Types of mental health medication
There are many different medications for mental illness. The most common ones are:
- antidepressants for depression and anxiety
- antipsychotic medications for illnesses such as schizophrenia
- mood stabilisers (such as lithium) for bipolar disorder
- anti-anxiety medications for anxiety.
Read more about medication for different mental health conditions.
Responses to medications
People respond differently to particular medications. Not every medication works for everybody, and different people have different side effects.
Keep in touch with your doctor, nurse or case manager when you start a new medication.
Safe use of medications for mental health conditions
Antidepressants take a while to work. It might take up to 6 weeks before you know how effective your medication is. It’s important that you don’t stop taking it without discussion with your doctor.
You might not respond to the first type of antidepressant you try. You and your doctor, nurse or case manager will need to talk about how you feel and what works best for you.
Some people taking antidepressants put on weight. Some feel sleepy. Some feel nauseous. If you feel worse rather than better, contact your doctor, nurse or case manager.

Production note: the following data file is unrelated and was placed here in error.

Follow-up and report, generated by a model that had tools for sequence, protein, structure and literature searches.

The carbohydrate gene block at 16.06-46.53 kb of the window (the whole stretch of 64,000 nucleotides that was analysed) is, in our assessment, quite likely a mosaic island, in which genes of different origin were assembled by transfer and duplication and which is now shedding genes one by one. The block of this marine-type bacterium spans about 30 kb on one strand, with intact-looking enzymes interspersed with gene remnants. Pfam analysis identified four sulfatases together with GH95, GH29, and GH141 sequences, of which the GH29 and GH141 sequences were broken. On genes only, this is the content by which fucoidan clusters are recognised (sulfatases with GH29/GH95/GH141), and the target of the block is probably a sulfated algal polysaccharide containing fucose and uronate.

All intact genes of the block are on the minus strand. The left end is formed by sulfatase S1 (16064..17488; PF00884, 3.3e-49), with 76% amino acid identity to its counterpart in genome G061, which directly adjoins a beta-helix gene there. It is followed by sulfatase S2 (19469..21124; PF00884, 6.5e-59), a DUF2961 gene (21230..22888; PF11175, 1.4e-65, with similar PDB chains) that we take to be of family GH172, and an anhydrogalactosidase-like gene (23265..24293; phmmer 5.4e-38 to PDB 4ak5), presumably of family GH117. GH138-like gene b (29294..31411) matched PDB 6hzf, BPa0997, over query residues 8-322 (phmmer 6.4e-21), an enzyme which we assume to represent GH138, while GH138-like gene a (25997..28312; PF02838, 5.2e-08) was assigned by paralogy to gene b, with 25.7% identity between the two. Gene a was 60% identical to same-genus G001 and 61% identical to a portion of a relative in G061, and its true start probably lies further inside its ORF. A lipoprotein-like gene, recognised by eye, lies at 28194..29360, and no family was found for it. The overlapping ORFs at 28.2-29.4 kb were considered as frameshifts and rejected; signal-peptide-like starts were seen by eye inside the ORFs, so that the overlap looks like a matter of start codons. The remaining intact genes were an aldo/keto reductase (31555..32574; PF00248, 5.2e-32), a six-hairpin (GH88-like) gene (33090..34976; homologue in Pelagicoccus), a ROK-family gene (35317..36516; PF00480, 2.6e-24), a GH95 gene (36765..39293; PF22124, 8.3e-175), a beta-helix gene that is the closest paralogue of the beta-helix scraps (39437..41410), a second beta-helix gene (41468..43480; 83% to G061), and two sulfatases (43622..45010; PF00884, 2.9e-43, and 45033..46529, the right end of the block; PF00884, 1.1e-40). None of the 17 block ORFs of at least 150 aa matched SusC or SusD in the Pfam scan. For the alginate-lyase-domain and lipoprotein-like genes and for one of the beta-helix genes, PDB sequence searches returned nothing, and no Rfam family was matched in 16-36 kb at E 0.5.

Talk to your doctor, nurse or case manager about the right time to stop the medication. Don’t do it alone.
Quite a few people who take antipsychotics have side effects like putting on weight. Many people taking them don’t like them, but accept that feeling a bit off is better than having psychosis.
If you are prescribed an antipsychotic medication, you will need to visit the doctor for regular checks of your general health, metabolism and physical movement.
Mood stabilisers and anti-anxiety medications
The mood stabiliser lithium might cause serious side effects if you have too much of it in your blood. Make sure you keep regular medical appointments for blood tests to checks on lithium levels.
Benzodiazepines can be addictive, so follow instructions about how to take them and how to come off them.
Don’t combine alcohol with benzodiazepines – it can be a dangerous combination.
Taking mental health medication safely
Talk to your doctor, nurse or case manager if you are worried about about the risks and side effects of your medication, and also about any changes in your other medications.
And it’s a good idea to keep a medicines list so you can easily keep track of what you’re taking.
Non-medication treatments for mental health conditions
Medications alone are not enough. You should also talk to your doctor, nurse or case manager about:
Last reviewed: January 2016